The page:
In 1973, Mick joined the deep stream of Irish migrants to the United States. While earning his Ph.D. in the Folklore and Folklife program at the University of Pennsylvania, a program noted for rigor and interdisciplinary ambition, Mick began his lifelong work of recording the music and stories of Irish music in North America. He traveled extensively. For him, folklore and music were what cartography was for Tim Robinson: an excuse to go anywhere and converse with anyone about anything. Mick’s field recordings became the basis of his immense collection of cultural artifacts now housed as the Mick Moloney Collection at the New York University Libraries, an unparalleled resource for the study of Irish and Irish-American popular culture.
Mick Moloney was more than a great teacher; he was also an inspiring mentor who modeled a life of artistic commitment and intellectual freedom that changed the lives of generations of students. While actively performing and producing, especially with The Green Fields of America, Mick taught courses in Irish music and popular culture at both Villanova University and Georgetown University. He proudly recalled being the only member of the faculty of both universities when they played each other for the basketball national championship. Both now have thriving Irish Studies programs built on land Mick helped clear and plant.
For the last quarter century, Mick was Global Distinguished Professor at New York University and Glucksman Ireland House. He taught and supervised students in Ethnomusicology and Irish and Irish American Studies. The growth and maturation of the public and educational programs at Glucksman Ireland House are unthinkable without his contributions. These include his award-winning undergraduate teaching, numerous Ph.D. and MA mentees, the Washington Square Harp and Shamrock Orchestra, and most especially, two research programs in cultural history: one centered on Irish and Jewish relations in New York City (captured in his Compass Records CD, “If It Wasn’t For the Irish and the Jews”), the other centered on the long and complex history of collaboration and competition between Irish and African-Americans. A documentary film of Mick’s collaboration with Lenwood Sloan on this subject was being made at the time of his untimely death.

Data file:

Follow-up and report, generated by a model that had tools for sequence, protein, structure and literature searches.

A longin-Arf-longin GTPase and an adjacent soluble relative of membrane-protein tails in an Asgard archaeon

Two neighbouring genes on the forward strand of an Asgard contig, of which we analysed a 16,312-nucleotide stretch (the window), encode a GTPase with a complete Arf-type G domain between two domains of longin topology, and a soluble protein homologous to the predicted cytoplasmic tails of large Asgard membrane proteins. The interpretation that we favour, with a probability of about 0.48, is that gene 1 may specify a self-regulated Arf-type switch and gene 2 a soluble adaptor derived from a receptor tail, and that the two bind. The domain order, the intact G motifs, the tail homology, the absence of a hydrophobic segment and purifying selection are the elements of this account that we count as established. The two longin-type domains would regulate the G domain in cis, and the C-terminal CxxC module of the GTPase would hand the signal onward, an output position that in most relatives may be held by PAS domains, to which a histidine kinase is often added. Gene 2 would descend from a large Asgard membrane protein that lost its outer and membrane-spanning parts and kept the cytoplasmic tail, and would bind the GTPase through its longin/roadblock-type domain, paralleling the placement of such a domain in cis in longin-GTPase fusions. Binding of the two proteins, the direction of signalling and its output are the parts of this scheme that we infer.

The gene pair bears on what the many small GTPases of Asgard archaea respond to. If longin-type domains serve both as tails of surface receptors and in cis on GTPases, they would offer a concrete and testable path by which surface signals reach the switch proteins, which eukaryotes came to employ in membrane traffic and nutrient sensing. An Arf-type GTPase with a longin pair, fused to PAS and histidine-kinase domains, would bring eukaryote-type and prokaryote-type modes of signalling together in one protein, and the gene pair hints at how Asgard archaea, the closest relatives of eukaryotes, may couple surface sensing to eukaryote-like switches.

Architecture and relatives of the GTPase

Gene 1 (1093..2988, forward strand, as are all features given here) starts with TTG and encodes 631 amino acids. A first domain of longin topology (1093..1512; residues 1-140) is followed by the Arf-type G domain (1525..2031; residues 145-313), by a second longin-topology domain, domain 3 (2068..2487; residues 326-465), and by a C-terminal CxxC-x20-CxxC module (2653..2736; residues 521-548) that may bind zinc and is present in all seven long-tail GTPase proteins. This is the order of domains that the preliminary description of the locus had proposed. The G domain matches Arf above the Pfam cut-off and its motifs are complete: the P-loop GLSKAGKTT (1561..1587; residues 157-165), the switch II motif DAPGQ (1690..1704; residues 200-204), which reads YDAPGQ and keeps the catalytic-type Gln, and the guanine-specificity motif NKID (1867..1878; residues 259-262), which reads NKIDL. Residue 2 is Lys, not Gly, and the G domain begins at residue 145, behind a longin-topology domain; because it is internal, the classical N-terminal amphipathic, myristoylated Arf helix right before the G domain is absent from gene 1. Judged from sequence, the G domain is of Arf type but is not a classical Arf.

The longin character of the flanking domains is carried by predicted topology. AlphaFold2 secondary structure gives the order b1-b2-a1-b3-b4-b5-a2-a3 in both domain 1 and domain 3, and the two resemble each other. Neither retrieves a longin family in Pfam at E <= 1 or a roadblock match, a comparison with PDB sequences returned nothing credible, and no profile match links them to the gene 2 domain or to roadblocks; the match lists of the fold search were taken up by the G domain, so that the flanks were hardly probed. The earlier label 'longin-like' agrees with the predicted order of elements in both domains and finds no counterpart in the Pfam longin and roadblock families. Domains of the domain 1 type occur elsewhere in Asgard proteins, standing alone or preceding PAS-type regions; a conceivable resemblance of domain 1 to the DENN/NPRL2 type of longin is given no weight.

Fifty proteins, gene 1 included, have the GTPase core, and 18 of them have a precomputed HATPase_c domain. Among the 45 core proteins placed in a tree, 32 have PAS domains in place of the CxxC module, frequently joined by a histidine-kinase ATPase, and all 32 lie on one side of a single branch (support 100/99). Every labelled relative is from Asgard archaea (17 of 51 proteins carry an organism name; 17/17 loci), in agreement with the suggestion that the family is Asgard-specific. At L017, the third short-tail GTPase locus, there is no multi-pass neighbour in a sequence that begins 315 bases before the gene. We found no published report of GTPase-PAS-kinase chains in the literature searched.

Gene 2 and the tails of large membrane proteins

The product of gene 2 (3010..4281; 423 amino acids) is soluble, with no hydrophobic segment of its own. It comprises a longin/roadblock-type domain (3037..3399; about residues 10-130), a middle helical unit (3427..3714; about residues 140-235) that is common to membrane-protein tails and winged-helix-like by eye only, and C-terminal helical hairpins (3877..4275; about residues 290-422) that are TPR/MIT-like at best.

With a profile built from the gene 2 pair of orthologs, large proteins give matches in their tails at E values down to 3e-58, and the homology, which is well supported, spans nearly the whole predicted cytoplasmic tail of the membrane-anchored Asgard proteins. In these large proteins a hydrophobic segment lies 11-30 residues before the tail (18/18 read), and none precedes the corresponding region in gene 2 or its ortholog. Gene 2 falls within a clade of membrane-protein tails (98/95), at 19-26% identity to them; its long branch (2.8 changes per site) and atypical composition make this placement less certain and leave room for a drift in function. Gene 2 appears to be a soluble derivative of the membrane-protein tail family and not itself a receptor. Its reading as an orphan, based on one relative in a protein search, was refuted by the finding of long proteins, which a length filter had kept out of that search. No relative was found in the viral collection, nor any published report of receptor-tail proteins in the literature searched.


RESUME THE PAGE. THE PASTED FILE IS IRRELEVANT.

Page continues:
For Glucksman Ireland House’s tenth anniversary in 2003, Mick Moloney produced “West Along the Road” to situate the crossroads of Ireland and America in New York City. This memorable series of academic and musical events included a gala concert that was also the inaugural event in NYU’s Skirball Center for the Performing Arts.
In 2006 NYU’s Archives of Irish America became the repository for Mick Moloney’s extensive collection of Irish American music and popular culture. Over 200 linear feet of material documenting his long career as a folklorist, producer, musician, and academic are open for research by appointment in Bobst Library’s Special Collections Center.
Mick’s music, scholarship, and work as a public intellectual were recognized in fitting ways in Ireland, where President Michael Higgins conferred The Distinguished Presidential Service Award for Mick’s contributions to Irish culture in Ireland and worldwide, and in the United States, where he was awarded the National Heritage Award from the National Endowment for the Arts. These recognitions are the highest honors bestowed by each government on a traditional artist.
Mick Moloney embodied the great tradition of the seanachaí, the teller of tales and singer of stories whose connection to the past brings the people together. After a great and moving song is sung, the silence is filled with wonder and recognition. The song has gone into us and beyond.
We are grateful, Mick, for all the songs and stories you so generously shared. We extend our condolences to Mick’s son, Fintan, to his family in Ireland and in Thailand, and to his many students, friends, and collaborators across the world.
Ní bheidh a leithéid ann arís.